Our second contribution is an adaptively weighted ensemble approach to combining the output of different forecasting methods given their historical and/or cross-validation forecasts. We first implemented this method in preparation for the 2014/2015 FluSight comparison, mixing together our empirical Bayes forecasting method with two baselines (a uniform distribution and an empirical distribution for each target), and later applied it while participating in the Dengue Forecasting project [33] and following FluSight comparisons (adding up to 9 additional components including delta density based methods), and found it improved our forecasts in all cases. Other epidemic forecasting teams have also reported success with concurrently or subsequently developed stacking generalization [34, 35] ensemble approaches to the FluSight forecasting tasks using Bayesian model averaging [36], the fixed weighting scheme that we examine below [37], and alternative adaptive weighting schemes based on gradient tree boosting [37], as well as with earlier ensemble approaches to short-term point predictions [20]. Methodologically, our adaptively weighted ensemble framework differs from these alternatives in that it selects a weighting over components for a particular forecast using “plug-in” statistical estimators for the optimal weights given the context of the forecast being prepared. Like the adaptive approaches presented in [37], component weights for each forecast are selected using regression, but the type of regression used and the manner of incorporating additional information, such as the forecast week, are distinct.

Materials and methods

Surveillance data

Recording every case of influenza is not practicable; infections are often asymptomatic [38] or symptomatic but not clinically attended [39], laboratory testing may not be performed for clinically attended cases or give false negative results, and reporting of lab-confirmed cases is not mandatory in most instances. Forecast comparisons are instead based on syndromic clinical surveillance data from the U.S. Outpatient Influenza-like Illness Surveillance Network (ILINet) [7, 40], a group of health care providers that voluntarily report statistics regarding ILI, where ILI is defined as a 100°F (37.8°C) fever with a cough and/or sore throat without a known cause other than influenza. CDC aggregates these reports and estimates the weekly percentage of patients seen that have ILI, %ILI, across all health care providers using a measure called weighted %ILI (wILI).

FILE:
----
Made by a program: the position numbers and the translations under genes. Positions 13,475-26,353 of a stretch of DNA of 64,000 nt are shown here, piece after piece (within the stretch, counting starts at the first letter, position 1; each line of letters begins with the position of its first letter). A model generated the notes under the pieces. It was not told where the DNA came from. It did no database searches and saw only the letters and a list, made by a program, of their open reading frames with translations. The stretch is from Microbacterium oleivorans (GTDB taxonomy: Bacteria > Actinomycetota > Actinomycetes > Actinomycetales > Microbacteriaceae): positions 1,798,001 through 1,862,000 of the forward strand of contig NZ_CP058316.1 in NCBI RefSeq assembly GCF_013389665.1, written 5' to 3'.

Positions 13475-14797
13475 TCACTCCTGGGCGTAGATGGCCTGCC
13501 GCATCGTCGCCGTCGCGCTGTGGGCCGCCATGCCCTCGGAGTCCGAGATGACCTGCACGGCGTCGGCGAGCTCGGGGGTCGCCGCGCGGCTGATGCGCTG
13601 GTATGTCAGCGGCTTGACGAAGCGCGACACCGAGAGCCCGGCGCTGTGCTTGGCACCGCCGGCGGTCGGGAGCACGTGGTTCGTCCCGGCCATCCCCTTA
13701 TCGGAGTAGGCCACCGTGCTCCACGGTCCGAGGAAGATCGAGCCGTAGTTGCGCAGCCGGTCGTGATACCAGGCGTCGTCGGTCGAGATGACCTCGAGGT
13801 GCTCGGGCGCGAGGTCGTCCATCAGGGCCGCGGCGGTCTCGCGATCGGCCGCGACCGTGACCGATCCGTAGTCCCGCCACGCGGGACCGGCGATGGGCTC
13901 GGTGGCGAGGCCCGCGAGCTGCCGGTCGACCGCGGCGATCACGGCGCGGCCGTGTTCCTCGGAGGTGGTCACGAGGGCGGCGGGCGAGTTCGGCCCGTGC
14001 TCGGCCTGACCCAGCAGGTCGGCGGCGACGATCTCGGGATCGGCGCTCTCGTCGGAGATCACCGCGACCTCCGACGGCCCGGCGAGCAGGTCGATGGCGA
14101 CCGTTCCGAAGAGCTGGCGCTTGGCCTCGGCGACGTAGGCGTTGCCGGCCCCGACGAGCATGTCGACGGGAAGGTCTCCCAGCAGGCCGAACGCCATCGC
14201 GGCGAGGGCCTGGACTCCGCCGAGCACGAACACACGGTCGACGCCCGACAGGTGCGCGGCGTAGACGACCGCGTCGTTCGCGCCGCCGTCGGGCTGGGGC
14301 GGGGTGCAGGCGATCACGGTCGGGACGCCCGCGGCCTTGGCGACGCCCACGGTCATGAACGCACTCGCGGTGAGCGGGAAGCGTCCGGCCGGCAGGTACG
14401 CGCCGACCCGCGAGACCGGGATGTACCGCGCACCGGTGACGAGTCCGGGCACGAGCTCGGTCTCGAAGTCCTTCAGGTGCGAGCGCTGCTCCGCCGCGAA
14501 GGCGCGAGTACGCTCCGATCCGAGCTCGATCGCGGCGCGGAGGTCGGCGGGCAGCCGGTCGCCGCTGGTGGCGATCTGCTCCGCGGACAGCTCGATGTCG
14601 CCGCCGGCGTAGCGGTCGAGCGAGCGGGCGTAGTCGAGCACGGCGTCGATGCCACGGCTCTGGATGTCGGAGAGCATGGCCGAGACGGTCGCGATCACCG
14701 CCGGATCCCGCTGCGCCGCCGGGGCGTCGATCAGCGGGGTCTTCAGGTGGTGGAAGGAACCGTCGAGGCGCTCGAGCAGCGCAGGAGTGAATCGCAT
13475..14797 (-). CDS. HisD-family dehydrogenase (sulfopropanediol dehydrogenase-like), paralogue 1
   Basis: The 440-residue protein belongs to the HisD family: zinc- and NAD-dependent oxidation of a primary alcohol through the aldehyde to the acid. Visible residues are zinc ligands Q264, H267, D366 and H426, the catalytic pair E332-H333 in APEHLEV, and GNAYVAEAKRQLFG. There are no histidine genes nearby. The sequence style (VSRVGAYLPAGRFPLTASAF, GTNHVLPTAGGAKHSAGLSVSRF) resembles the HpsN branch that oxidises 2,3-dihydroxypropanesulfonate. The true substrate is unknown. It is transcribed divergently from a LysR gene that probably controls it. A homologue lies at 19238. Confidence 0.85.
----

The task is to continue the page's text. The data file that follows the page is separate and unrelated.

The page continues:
• Geographical resolution: CDC reports wILI for each of the 10 U.S. Department of Health & Human Services (HHS) regions, as well as for the nation as a whole; the wILI for each of these locations is a weighted average of the ILINet %ILI for state-level units based on population.
  • Temporal resolution: wILI is available on a weekly basis; weeks begin on Sunday, end on Saturday, and are numbered according to the epidemiological week (epi week) convention in the United States.
  • Timeliness: Initial wILI estimates for a given week are typically released on Friday of the following week; additional reports and revisions from participating health care providers are incorporated in updates throughout the season and after it ends.
  • Specificity: Influenza is just one of many potential causes of ILI. Laboratory testing data [7] suggest that influenza is responsible for a significant portion of ILI cases during the flu season, especially for weeks when wILI is high, but only for a very small fraction of cases in the typical flu off-season. Much of the variance and “peakiness” in wILI can be associated with influenza epidemics, but wILI trajectories do not taper off to near-zero values as one might expect in a direct measurement of influenza prevalence.
  • Influence of non-ILI cases: Since wILI depends on records of both ILI cases and total cases, patterns in non-ILI cases can impact wILI trajectories. We discuss one such pattern in the Holiday effects section.

CDC hosts the latest ILINet report and other types of surveillance data through Fluview Interactive, a collection of web modules [41]; we provide current and historical ILINet reports and some other data sources through our delphi-epidata API [42] and epivis visualizer [43].

Forecasting targets

The FluSight project focuses on in-season distributional forecasts and point predictions of key targets of interest to public health officials: